Bank Runs, Fragility, and Credit Easing
We present a tractable dynamic macroeconomic model of self-fulfilling bank runs. A bank is vulnerable to a run when a loss of investors' confidence triggers deposit withdrawals and leads the bank to default on its obligations. We analytically characterize how the vulnerability of an individual bank depends on macroeconomic aggregates and how the number of banks facing a run affects macroeconomic aggregates in turn. In general equilibrium, runs can be partial or complete, depending on aggregate leverage and the dynamics of asset prices. Our normative analysis shows that the effectiveness of credit easing and its welfare implications depend on whether a financial crisis is driven by fundamentals or by self-fulfilling runs.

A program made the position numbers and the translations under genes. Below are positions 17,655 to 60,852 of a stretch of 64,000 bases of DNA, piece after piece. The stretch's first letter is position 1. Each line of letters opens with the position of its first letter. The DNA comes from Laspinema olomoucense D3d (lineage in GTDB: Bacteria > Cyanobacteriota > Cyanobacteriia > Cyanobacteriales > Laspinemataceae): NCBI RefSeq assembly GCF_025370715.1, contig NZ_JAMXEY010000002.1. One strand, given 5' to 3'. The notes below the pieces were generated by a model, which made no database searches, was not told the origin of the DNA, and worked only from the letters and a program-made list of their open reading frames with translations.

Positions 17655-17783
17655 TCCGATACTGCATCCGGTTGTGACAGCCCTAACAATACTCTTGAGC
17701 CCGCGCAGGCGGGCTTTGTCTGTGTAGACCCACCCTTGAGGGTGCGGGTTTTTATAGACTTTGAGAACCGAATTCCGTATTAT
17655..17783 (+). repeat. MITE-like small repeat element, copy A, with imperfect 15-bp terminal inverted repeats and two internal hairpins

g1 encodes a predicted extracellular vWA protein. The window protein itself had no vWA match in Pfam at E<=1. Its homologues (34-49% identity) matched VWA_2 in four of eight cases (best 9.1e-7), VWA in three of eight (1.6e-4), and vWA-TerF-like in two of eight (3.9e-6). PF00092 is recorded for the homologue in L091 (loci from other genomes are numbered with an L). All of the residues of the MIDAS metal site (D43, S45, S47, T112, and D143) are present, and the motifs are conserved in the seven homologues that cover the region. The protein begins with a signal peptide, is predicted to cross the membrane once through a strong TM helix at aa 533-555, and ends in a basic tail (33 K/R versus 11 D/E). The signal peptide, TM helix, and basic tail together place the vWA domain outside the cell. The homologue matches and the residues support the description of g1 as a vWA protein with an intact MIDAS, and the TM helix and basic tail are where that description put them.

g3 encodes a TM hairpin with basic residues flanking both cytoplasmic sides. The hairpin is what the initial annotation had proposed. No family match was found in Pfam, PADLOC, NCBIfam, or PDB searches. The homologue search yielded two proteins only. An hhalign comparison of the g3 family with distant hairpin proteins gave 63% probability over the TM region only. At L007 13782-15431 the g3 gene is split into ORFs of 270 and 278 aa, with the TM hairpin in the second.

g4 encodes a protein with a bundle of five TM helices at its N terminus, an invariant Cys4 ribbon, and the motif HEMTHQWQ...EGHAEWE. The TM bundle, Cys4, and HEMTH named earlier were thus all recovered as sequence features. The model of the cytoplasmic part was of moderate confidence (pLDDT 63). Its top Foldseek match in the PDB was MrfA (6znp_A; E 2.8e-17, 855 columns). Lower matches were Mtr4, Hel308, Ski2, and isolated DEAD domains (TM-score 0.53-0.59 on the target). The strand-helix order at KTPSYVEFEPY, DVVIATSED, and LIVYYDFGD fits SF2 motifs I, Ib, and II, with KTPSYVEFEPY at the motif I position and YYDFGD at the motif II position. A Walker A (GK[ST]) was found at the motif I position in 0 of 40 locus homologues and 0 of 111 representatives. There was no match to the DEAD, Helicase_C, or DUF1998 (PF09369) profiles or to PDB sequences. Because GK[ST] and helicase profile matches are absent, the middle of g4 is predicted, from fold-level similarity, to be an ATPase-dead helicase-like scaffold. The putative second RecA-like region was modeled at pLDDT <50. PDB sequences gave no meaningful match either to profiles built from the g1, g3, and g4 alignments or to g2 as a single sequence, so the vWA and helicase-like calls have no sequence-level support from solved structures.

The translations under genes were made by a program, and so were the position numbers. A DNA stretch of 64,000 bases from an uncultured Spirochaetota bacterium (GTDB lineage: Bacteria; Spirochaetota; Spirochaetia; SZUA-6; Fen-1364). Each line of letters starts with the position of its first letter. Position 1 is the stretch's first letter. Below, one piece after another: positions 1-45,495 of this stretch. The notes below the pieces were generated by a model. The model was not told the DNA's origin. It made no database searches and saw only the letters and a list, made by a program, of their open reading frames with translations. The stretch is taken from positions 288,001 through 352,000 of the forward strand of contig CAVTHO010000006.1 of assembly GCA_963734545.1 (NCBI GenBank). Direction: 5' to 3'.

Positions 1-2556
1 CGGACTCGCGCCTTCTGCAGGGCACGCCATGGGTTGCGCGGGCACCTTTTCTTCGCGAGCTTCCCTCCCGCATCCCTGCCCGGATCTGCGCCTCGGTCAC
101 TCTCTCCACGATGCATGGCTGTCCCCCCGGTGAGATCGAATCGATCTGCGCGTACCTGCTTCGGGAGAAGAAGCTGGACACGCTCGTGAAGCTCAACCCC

We thank Markus Brunnermeier, Huberto Ennis, Todd Keister, and Ettore Panetti for excellent discussions. We also thank Mark Aguiar for helpful conversations and conference and seminar participants at Carlos III, CUHK, ITAM-PIER Conference on Macro-Finance, Joint Florida Macro, Minneapolis Fed, NBER Summer Institute (IFM/ME/MEFM), the National Bank of Belgium, Oxford, the Ridge Forum on Financial Stability, System Committee Workshop on Financial Institutions, Regulation, and Markets, the Universidad de Montevideo, and the Virtual Finance Theory Seminar. The views expressed herein are those of the authors and not necessarily those of the Federal Reserve Bank of Minneapolis, the Federal Reserve System, or the National Bureau of Economic Research.